This volume discusses recent advances in research regarding the evolution of specific and nonspecific defense responses in a taxonomically diverse array of species. Topics regarding invertebrates include the protective mechanisms (cellular and molecular) employed by insects, the protective roles of lectins, and the self-nonself discrimination revealed by tissue incompatibility reactions. With vertebrates, the evolution of the immunoglobulin-related superfamily of recognition molecules (including immunoglobulins and the major histocompatibility complex molecules) is examined over several chapters. Other topics reviewed include the evolution of nonimmunoglobulin mediators of defense (e.g., cytokines and eicosanoids), lymphocyte subpopulations (including effects of ambient temperature on function) and the phylogenetic emergence of natural killer cells. Phylogenesis of Immune Functions provides invaluable information for evolutionary biologists, as well as all immunologists and other researchers interested in discovering how inhabitants in our increasingly threatened biosphere protect themselves against environmental pathogens and toxins.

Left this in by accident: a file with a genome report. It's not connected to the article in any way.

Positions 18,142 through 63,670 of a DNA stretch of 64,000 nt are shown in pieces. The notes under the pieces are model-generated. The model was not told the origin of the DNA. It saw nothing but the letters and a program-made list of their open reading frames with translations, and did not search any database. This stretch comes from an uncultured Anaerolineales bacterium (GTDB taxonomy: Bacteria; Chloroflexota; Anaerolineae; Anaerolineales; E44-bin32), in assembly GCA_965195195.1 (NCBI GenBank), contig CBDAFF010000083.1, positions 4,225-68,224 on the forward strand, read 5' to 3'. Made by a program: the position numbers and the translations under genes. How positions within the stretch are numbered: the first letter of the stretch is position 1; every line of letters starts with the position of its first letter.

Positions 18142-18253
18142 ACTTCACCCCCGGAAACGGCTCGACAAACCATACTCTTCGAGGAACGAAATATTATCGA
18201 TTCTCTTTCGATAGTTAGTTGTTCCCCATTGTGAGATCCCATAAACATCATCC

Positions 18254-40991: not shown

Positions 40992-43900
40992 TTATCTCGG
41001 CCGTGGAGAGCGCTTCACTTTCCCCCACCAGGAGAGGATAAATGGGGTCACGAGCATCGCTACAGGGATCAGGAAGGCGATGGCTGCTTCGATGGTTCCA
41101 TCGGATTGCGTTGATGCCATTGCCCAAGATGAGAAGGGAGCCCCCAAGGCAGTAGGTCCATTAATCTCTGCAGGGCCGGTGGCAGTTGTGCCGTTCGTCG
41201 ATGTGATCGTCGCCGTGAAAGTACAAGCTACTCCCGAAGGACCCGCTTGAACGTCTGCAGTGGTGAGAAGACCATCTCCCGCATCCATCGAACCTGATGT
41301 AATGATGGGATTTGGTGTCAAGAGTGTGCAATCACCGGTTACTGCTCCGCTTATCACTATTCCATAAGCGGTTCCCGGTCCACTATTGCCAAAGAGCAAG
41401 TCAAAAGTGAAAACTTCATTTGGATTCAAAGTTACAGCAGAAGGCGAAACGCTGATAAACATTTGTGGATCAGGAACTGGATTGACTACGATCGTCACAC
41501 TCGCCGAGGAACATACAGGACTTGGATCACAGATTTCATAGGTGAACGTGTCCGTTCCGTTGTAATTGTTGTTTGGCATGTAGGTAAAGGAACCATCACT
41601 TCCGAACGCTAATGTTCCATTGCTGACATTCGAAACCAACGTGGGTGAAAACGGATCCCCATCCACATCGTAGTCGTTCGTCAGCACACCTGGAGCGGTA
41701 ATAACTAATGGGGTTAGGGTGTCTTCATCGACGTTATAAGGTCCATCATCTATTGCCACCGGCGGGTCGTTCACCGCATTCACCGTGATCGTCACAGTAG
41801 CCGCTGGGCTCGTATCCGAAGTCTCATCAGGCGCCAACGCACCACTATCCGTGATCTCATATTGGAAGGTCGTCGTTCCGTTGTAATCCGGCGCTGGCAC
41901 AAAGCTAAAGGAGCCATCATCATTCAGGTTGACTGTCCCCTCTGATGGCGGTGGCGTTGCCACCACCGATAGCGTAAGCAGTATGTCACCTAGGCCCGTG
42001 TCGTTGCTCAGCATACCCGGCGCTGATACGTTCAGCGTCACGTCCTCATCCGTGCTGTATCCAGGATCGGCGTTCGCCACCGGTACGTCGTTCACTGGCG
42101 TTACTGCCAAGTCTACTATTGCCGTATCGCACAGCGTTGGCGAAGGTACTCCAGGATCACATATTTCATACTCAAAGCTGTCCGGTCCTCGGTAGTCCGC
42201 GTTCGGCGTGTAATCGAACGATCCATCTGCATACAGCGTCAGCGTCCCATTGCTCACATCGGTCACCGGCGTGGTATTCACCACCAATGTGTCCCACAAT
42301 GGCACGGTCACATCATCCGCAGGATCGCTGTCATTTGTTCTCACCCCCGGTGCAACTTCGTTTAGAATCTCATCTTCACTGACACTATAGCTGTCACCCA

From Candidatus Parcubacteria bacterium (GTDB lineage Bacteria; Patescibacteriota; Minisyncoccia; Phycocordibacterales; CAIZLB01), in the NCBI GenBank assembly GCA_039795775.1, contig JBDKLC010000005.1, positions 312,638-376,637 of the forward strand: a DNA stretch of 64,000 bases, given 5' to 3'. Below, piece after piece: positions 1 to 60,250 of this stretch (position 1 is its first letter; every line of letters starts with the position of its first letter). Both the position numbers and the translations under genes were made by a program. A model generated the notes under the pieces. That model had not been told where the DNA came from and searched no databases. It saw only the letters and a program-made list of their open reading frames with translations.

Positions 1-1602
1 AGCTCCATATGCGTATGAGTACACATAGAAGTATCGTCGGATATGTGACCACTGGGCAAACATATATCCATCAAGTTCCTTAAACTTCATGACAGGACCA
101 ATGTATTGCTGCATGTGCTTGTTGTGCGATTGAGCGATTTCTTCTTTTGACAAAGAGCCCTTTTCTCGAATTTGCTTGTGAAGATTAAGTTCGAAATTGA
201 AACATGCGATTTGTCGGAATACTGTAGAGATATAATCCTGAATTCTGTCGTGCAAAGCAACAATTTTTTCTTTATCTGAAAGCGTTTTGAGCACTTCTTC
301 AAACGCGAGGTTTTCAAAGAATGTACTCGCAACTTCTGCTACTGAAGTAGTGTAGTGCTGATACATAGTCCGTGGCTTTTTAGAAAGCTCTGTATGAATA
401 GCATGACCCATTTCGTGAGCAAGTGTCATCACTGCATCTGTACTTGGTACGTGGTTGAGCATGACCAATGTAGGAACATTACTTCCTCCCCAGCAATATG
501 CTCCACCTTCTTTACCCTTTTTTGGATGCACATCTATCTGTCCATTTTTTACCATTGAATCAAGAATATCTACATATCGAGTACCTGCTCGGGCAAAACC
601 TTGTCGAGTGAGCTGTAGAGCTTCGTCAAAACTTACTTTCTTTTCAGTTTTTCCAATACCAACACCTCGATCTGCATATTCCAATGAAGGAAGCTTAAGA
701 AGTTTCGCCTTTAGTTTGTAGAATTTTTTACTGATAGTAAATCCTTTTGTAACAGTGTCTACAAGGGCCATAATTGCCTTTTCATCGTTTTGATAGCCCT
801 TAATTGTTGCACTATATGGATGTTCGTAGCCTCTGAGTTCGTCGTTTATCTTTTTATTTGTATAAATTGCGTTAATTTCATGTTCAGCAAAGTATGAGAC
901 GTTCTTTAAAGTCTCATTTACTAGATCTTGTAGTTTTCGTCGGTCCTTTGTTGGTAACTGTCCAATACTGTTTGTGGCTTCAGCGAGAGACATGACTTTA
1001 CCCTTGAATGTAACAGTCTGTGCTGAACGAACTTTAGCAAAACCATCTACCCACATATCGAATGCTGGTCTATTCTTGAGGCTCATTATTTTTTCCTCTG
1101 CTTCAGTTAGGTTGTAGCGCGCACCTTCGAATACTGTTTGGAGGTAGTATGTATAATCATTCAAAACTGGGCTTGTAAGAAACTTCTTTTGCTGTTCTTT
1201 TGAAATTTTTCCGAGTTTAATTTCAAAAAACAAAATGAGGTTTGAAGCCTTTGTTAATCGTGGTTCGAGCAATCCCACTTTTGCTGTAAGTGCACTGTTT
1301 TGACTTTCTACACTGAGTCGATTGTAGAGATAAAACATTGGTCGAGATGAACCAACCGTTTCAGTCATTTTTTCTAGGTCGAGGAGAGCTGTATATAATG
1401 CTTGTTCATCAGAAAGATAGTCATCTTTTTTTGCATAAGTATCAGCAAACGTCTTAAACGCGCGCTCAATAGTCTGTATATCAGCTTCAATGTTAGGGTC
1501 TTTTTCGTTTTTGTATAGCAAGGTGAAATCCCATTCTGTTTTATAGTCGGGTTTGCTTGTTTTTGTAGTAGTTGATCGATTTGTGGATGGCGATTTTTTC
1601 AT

On Immunity and Its Phylogenesis. Adaptive Immune Responses in Insects. Insect Antibacterial Proteins. The Prophenoloxidase System and Its Role in Arthropod Immunity. The Multiple Biological Roles of Invertebrate Lectins: Their Participation in Non-Self Recognition Mechanisms. Historecognition in the Cnidaria. Biological Individuality and Disease: New Perspectives on Immunoevolution. The MHC Molecules of Ectothermic Vertebrates. The Major Histocompatibility Complex of the Chicken. Evolutionary Origins of Immunoglobulin Genes. Evolution of Lymphocyte Subpopulations, Their Interactions and Temperature Sensitivities. Phylogeny of Cytotoxic Cells. The Phylogenetic Conservation of Cytokines. Eicosanoids: Aspects of Their Structure, Function, and Evolution. Mechanisms of Molecular Evolution in the Immunoglobulin Superfamily.